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In Greece, a quarter of the population is unemployed.

Threat of Greek euro exit could complicate ECB's quantitative easing

Prospect of debt relief for euro-zone member may complicate ECB's quantitative easing push

The return of the idea of a Greek euro exit, as boogeyman or genuine threat, comes at a particularly difficult time, dangerously complicating the already fraught advent of full-scale quantitative easing in the euro zone.

A parliamentary vote, set to begin next week, to replace the Greek president may trigger general elections in the new year, elections that the anti-bailout party Syriza could well win.

"We shed blood to take the word 'Grexit' away from the mouth of foreigners, and Syriza is bringing this word back to their mouths," Prime Minister Antonis Samaras said, using once more the highly emotive term for a Greek parting of ways with the euro project.

The very idea, much less its invocation by the prime minister, panics Greek markets.

Even beyond Greece's own grave difficulties, should Syriza win an election, it would shortly enter into negotiations, if not conflict, with the of the European Commission, the International Monetary Fund and the European Central Bank over the terms of the bailout. That does not have to end with a euro line-up change, but the term and the idea will be batted about, with predictable results.

Almost no matter how you slice it, Greece, with a quarter of its population unemployed and having lost a quarter of its economic output, is poorly positioned to shoulder its debt load.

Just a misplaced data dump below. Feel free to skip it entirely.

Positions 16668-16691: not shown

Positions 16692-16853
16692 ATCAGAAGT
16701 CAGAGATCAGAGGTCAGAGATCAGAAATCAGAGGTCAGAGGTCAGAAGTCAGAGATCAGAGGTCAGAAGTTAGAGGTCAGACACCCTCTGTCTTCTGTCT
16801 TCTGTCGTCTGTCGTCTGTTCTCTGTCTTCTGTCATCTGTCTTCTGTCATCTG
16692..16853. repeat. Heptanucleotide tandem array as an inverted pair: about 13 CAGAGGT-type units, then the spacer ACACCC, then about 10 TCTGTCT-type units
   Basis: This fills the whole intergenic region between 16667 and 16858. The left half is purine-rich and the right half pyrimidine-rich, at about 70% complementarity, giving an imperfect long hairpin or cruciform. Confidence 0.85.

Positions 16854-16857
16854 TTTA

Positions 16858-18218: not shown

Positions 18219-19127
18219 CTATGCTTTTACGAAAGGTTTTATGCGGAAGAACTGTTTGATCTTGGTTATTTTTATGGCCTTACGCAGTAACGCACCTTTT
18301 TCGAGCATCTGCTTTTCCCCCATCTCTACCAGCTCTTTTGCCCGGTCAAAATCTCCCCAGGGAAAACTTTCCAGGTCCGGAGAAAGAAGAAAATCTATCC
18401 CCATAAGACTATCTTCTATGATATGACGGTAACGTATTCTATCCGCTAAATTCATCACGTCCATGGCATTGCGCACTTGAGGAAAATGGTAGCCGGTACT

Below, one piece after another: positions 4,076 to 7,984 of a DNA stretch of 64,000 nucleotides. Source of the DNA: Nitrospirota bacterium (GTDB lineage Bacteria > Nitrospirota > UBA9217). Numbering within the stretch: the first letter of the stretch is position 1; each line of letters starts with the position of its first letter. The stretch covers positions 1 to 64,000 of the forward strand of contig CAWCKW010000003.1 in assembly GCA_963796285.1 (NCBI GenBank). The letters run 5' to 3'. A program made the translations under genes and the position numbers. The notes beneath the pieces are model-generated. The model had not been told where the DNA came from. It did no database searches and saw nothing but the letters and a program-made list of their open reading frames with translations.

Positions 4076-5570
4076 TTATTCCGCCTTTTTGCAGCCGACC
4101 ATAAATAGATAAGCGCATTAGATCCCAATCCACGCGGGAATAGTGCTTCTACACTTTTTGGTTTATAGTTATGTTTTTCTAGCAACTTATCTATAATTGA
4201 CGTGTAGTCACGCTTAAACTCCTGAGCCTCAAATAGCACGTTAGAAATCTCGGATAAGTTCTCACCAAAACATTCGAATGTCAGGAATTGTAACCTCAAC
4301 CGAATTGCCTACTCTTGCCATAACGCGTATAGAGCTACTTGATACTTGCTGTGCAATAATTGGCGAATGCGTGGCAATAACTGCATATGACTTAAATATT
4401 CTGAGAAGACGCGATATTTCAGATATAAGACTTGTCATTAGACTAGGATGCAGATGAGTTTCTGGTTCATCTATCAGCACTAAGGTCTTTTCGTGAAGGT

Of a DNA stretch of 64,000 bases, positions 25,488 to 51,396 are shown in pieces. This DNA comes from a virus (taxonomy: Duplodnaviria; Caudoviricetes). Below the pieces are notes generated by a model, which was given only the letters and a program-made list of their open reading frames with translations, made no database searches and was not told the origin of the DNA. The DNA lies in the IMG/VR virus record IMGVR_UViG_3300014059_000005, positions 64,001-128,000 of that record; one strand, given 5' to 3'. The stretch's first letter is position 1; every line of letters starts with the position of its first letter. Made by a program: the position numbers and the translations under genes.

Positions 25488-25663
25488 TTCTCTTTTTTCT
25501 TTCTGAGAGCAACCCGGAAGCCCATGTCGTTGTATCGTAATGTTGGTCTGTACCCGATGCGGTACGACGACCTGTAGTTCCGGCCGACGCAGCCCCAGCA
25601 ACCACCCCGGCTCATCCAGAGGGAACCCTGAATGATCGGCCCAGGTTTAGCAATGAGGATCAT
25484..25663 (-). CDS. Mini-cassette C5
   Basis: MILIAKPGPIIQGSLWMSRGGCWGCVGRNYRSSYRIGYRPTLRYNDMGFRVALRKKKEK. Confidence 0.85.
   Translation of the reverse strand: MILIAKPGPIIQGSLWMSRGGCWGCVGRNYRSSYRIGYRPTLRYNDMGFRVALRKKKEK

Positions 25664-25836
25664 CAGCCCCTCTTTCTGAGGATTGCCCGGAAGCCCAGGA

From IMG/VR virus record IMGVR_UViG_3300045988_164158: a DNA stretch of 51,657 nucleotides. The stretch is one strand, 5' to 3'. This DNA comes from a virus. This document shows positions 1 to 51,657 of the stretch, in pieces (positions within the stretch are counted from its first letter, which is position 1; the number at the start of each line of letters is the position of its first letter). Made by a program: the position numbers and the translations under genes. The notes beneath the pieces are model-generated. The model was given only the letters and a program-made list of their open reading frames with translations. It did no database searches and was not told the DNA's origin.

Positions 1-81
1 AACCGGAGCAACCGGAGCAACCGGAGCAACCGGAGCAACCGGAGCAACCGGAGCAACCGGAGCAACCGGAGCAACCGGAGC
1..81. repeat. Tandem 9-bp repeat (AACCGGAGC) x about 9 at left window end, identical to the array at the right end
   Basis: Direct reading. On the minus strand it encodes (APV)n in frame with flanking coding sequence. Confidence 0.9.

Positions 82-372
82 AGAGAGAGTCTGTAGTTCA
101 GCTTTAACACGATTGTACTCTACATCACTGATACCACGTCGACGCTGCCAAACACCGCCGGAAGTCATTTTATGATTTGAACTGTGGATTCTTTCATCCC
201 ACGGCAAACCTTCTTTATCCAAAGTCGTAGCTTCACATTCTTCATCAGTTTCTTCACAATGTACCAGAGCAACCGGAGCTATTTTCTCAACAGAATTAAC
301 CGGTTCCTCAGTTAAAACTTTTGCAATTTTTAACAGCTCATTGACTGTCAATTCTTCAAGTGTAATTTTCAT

While Syriza has backed off from euro exit as a position, it did in May call for a write-off of almost a third of Greek debt, and in September for euro-zone debt relief for the country, perhaps by replacing existing debt with new bonds linked to gross domestic product growth.

First off in any such negotiation the threat of default or of an exit are tactics that will be used. This will have predictable results on global capital markets, not simply making things tougher for Greece but potentially bleeding over into the bonds of other weaker euro-zone members.

If, of course, Greece's debt load is to be lightened in some way, the existing holders of its debt will have to decide who takes the loss that will represent.

Step back then and consider the situation of the ECB. Facing a quite real threat of deflation, the ECB took pains at its last meeting to stress that it "intends" to expand its balance sheet to €3 trillion (HK$28.9 trillion) and that it would "reassess" monetary policy in the new year. Further, ECB president Mario Draghi said he did not require "unanimity" to go ahead with quantitative easing.

Despite widely reported German objections to such a move, Draghi went on to imply it would happen anyway.

One German objection to this type of quantitative easing is that it breaks a ban on outright financing of member states by the ECB.

This is where things get complicated. For Greece to get a better deal out of the , the ECB is going to have to sign off on some form of debt relief, be it longer term or lower interest rate. That means the ECB will take a loss. It also opens itself up to yet another charge of direct financing, though it is far from clear that this is what a restructuring including the ECB would represent.

In other words, should the do something for Greece, the opponents of quantitative easing will have more ammunition.

The ECB meets once in January, just maybe before any Greek general election could be held.

If the ECB does want to get on with quantitative easing, it may have new reason to hurry.

This article appeared in the South China Morning Post print edition as: Threat of Greek exit could add to Draghi challenge